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The indentation hardness of silicon measured by instrumented indentation: What does it mean?

  • Bianca Haberl (a1), Leonardus Bimo Bayu Aji (a1), J.S. Williams (a1) and Jodie E. Bradby (a1)


The indentation hardness of three different pure forms of silicon was investigated by two different methods. The hardness was probed by direct imaging of the residual impressions and by instrumented indentation using the Oliver–Pharr method. The forms of silicon used were a defective form of amorphous silicon, an amorphous form close to a continuous random network, and a crystalline silicon. The first form deforms via plastic flow and the latter two via phase transition. Two different unloading rates, fast and slow, were used to vary the phase transition behavior. This influenced the relative hardness as measured by instrumented indentation, which is not a reliable method to quantify hardness values in phase transforming materials. Thus, for our phase transforming silicon system, the relative hardness between samples can only be determined correctly by direct imaging, provided that the image accurately reveals the extent of the phase transformed volume.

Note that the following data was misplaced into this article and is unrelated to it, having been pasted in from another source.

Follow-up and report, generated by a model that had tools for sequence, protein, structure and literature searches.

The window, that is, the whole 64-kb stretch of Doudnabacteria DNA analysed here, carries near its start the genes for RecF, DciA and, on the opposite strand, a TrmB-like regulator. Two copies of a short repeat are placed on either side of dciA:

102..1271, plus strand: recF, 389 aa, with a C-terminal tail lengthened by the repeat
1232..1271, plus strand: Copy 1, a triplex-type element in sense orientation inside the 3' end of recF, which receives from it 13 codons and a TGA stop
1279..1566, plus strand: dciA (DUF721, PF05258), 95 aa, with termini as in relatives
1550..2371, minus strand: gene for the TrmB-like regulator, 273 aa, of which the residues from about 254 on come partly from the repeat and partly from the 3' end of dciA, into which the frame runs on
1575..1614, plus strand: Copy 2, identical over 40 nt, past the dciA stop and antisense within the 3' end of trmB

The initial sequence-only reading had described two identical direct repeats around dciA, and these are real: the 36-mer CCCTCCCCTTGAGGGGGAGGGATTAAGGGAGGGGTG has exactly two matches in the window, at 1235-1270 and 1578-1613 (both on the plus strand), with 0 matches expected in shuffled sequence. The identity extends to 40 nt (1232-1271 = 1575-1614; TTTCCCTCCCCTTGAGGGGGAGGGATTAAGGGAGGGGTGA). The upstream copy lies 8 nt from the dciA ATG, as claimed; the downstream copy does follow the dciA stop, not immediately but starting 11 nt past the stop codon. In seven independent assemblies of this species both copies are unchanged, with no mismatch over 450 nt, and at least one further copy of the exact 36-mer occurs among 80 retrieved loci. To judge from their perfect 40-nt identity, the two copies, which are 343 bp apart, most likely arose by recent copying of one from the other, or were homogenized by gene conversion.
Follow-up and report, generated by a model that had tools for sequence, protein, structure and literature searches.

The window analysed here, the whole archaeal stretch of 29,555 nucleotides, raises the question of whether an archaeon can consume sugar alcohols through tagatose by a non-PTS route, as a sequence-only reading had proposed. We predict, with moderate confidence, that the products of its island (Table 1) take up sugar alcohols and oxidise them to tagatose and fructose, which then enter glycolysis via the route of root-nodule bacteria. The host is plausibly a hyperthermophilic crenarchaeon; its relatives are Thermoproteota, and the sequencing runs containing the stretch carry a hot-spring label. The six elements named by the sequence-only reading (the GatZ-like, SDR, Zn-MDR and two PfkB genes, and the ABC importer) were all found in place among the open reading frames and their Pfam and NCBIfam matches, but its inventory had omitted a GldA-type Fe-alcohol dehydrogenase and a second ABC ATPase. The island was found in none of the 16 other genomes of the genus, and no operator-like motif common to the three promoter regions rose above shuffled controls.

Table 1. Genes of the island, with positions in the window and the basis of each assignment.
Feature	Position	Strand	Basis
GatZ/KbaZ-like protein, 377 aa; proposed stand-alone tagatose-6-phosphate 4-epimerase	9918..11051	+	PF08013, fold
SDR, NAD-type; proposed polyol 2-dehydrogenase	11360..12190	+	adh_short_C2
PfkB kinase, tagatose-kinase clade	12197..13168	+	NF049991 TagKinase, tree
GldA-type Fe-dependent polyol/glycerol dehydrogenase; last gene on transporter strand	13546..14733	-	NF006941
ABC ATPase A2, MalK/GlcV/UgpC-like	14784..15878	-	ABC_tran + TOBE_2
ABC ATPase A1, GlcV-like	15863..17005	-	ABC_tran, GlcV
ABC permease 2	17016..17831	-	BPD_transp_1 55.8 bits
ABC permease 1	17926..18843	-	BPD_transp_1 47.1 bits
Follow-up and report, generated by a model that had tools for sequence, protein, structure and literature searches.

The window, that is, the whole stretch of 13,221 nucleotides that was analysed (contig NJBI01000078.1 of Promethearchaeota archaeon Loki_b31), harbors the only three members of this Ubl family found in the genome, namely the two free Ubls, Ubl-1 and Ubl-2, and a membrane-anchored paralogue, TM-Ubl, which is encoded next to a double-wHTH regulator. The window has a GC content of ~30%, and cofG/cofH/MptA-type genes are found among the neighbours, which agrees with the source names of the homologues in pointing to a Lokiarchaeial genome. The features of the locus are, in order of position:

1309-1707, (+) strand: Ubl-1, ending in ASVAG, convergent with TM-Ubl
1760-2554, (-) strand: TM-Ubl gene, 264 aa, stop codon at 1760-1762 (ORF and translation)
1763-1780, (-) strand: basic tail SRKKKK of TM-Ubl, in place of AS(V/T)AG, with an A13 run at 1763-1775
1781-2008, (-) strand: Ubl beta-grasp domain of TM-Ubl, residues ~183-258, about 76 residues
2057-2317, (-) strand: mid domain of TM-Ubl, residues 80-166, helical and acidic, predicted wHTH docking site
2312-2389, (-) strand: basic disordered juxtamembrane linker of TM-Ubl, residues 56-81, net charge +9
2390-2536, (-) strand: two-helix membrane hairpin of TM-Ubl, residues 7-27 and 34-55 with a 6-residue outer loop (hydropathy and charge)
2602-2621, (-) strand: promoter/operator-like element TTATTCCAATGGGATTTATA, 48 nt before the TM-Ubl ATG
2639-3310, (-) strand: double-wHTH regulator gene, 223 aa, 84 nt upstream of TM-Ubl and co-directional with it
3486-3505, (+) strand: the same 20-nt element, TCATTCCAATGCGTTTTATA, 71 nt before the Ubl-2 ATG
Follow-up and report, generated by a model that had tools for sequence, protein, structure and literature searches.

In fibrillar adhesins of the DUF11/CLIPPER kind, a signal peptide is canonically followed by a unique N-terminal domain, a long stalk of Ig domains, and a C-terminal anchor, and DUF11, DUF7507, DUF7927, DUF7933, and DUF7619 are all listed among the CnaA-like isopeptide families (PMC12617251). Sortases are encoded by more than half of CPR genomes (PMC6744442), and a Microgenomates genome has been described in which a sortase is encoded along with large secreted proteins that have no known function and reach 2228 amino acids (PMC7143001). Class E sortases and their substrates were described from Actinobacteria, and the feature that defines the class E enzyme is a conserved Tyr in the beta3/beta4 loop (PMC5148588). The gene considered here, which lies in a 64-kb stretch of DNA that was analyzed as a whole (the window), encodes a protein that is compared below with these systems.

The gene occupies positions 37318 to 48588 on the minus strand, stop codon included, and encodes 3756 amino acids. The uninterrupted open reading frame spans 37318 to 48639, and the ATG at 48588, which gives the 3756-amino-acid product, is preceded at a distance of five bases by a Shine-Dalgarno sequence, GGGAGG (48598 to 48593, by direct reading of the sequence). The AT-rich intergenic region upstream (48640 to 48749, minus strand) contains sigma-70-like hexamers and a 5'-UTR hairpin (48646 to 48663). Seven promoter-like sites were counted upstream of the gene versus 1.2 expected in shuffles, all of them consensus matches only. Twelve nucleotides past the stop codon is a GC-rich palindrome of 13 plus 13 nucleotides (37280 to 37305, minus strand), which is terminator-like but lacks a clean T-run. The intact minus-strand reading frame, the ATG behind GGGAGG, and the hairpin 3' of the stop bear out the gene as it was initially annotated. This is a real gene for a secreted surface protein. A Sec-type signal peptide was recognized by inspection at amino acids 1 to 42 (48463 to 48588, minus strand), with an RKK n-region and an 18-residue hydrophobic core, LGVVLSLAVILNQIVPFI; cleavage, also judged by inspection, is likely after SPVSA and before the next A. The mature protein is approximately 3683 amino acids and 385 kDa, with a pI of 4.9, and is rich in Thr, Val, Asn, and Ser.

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The indentation hardness of silicon measured by instrumented indentation: What does it mean?

  • Bianca Haberl (a1), Leonardus Bimo Bayu Aji (a1), J.S. Williams (a1) and Jodie E. Bradby (a1)


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